LEADERSHIP MEANS RUNNING TOWARDS THE FIRE
When a crisis hits, emergency personnel like firefighters and medics are trained to run towards the fire even though their natural instincts will tell them otherwise.
Business works the same way. When the crisis hits, your instincts might tell you to ‘run away’, but the test of true leadership is how you lead through that uncertainty. During the tough economic months we have just faced, our leaders have been tested like never before, and a quote from Robin Sharma resonates: ’Anyone can show exceptional leadership ability in easy times. When all’s going to plan, anyone can be inspirational/excellent/innovative and strong. The real question is, how do you show up when everything’s falling apart?’
Some say that anyone can show exceptional leadership when everything is going right, but the part of the quote that is relevant here is: How do you show up when things are falling apart?
As business leaders, you have been tested as never before, and part of being a great leader is to put your employees first. Research shows that empathy and care are wonderful counterbalancing devices for leaders. If you treat the business as a machine, with inputs and outputs, people become coin-operated levers you pull to increase or decrease production and efficiency, but when you inject the proper levels of empathy and care into your management operating system, it will facilitate a more complete view of the company’s most valuable asset – its people.
It is however important to find the right balance between viewing a business as a complex system to be build, maintained, measured and monitored against viewing business as a collection of human interactions that must be nurtured and developed.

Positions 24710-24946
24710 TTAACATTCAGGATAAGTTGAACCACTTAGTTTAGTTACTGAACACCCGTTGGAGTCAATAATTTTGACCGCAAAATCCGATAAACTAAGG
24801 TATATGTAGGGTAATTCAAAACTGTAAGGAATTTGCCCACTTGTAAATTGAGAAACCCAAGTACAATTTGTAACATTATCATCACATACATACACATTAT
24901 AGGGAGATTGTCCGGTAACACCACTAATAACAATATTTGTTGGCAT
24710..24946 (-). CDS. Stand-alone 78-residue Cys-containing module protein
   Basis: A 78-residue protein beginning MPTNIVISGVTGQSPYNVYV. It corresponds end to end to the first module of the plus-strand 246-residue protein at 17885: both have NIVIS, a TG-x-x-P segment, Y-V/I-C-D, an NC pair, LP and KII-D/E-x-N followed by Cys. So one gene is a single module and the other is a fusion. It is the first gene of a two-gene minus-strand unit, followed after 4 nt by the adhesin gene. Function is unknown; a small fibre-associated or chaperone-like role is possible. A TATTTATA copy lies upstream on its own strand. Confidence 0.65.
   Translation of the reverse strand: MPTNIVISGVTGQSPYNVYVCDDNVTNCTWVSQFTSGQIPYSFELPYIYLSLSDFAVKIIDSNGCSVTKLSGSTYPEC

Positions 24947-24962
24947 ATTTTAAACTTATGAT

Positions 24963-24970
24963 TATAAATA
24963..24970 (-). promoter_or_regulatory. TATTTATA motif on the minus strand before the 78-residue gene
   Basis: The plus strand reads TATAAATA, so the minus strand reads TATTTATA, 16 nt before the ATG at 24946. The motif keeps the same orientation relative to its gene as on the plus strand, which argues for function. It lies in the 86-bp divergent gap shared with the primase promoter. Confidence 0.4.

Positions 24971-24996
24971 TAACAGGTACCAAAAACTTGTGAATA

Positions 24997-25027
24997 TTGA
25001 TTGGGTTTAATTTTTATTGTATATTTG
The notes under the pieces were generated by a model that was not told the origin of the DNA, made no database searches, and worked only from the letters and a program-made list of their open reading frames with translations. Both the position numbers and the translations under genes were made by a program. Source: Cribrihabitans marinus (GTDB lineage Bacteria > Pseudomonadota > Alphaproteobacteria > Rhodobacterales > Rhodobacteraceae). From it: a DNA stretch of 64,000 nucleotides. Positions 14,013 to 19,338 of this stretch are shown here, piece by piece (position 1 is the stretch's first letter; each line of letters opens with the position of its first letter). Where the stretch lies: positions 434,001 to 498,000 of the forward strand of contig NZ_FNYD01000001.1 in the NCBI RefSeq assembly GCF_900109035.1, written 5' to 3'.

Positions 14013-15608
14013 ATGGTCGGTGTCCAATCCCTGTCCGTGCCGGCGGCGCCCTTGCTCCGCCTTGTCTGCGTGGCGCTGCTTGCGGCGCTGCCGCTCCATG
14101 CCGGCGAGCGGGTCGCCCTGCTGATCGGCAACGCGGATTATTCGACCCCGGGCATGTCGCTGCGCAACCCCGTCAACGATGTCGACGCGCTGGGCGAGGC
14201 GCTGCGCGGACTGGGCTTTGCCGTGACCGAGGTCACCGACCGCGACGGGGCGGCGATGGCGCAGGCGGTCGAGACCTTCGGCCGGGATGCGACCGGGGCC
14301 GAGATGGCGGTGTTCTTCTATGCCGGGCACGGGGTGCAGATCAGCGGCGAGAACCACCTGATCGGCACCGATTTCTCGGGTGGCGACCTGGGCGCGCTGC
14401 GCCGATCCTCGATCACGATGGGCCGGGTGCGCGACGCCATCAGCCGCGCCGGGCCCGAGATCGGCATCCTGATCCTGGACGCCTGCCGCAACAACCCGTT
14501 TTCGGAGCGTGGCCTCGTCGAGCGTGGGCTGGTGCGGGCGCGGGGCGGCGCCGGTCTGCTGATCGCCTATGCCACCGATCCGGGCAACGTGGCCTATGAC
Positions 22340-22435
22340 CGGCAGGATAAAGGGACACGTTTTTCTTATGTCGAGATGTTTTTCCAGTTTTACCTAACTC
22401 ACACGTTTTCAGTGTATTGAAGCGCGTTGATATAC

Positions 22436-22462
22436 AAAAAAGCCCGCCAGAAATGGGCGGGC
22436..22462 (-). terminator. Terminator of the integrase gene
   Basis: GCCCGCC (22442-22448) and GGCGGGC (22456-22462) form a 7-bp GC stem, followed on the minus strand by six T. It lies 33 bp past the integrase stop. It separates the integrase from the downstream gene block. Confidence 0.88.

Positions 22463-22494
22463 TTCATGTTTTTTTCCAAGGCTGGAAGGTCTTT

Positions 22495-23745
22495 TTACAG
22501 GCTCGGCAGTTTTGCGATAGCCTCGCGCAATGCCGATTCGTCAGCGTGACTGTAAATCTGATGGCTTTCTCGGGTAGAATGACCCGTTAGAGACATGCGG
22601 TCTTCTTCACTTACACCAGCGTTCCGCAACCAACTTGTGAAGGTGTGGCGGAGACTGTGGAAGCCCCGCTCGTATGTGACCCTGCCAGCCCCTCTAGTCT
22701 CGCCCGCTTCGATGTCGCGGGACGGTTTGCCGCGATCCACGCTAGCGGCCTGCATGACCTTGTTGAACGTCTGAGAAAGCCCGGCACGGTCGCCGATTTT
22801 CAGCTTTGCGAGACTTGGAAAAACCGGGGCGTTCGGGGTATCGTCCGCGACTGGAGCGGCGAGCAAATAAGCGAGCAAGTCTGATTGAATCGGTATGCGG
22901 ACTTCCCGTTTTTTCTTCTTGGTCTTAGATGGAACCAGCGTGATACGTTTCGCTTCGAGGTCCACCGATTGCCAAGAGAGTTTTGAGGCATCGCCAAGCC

Putting people first doesn’t mean there is an immutable contract to protect people at all costs. Sometimes, difficult employment decisions must be made, but it means that you will consider the human element of your business as the primary ingredient to success and appropriately balance the cold calculation with the realities.
This month we feature Deloitte Africa CEO Ruwayda Redfearn on the cover. She also believes that leadership means running towards the fire, and she sees difficult situations and challenging projects in the workplace as metaphorical fires to fight.
Her way is simple:
- Earn a reputation as a problem-solver − Be good at your job but be willing to go above and beyond to help. Choose to succeed and use your skills to help the
team overcome their challenges.
- Don’t check your job description − Instead, strap on your helmet and volunteer to help the team.
- Make your bias towards action − Spend your energy providing direction and decisions for those who point fingers and wait. By understanding the information, you can absorb it and then act. Ask: ‘Is there something I can do right now that will bring value?’
- Focus on helping other people win − Empower them to get better at solving their own problems. Harnessing and optimising other people’s skills to make them better takes more energy but creates more winners.
- A rising tide lifts all boats − By helping others improve, the company improves, and everyone wins.
Read her inspirational story on page 10.
As business leaders you will always be faced with a crisis. It’s easy for the negativity surrounding a crisis to impact you, but you can choose to use the crisis as a chance to build skills and push the bounds of creativity and agility to develop new ways of thinking and leading by running towards the fire.
Editor: Accountancy SA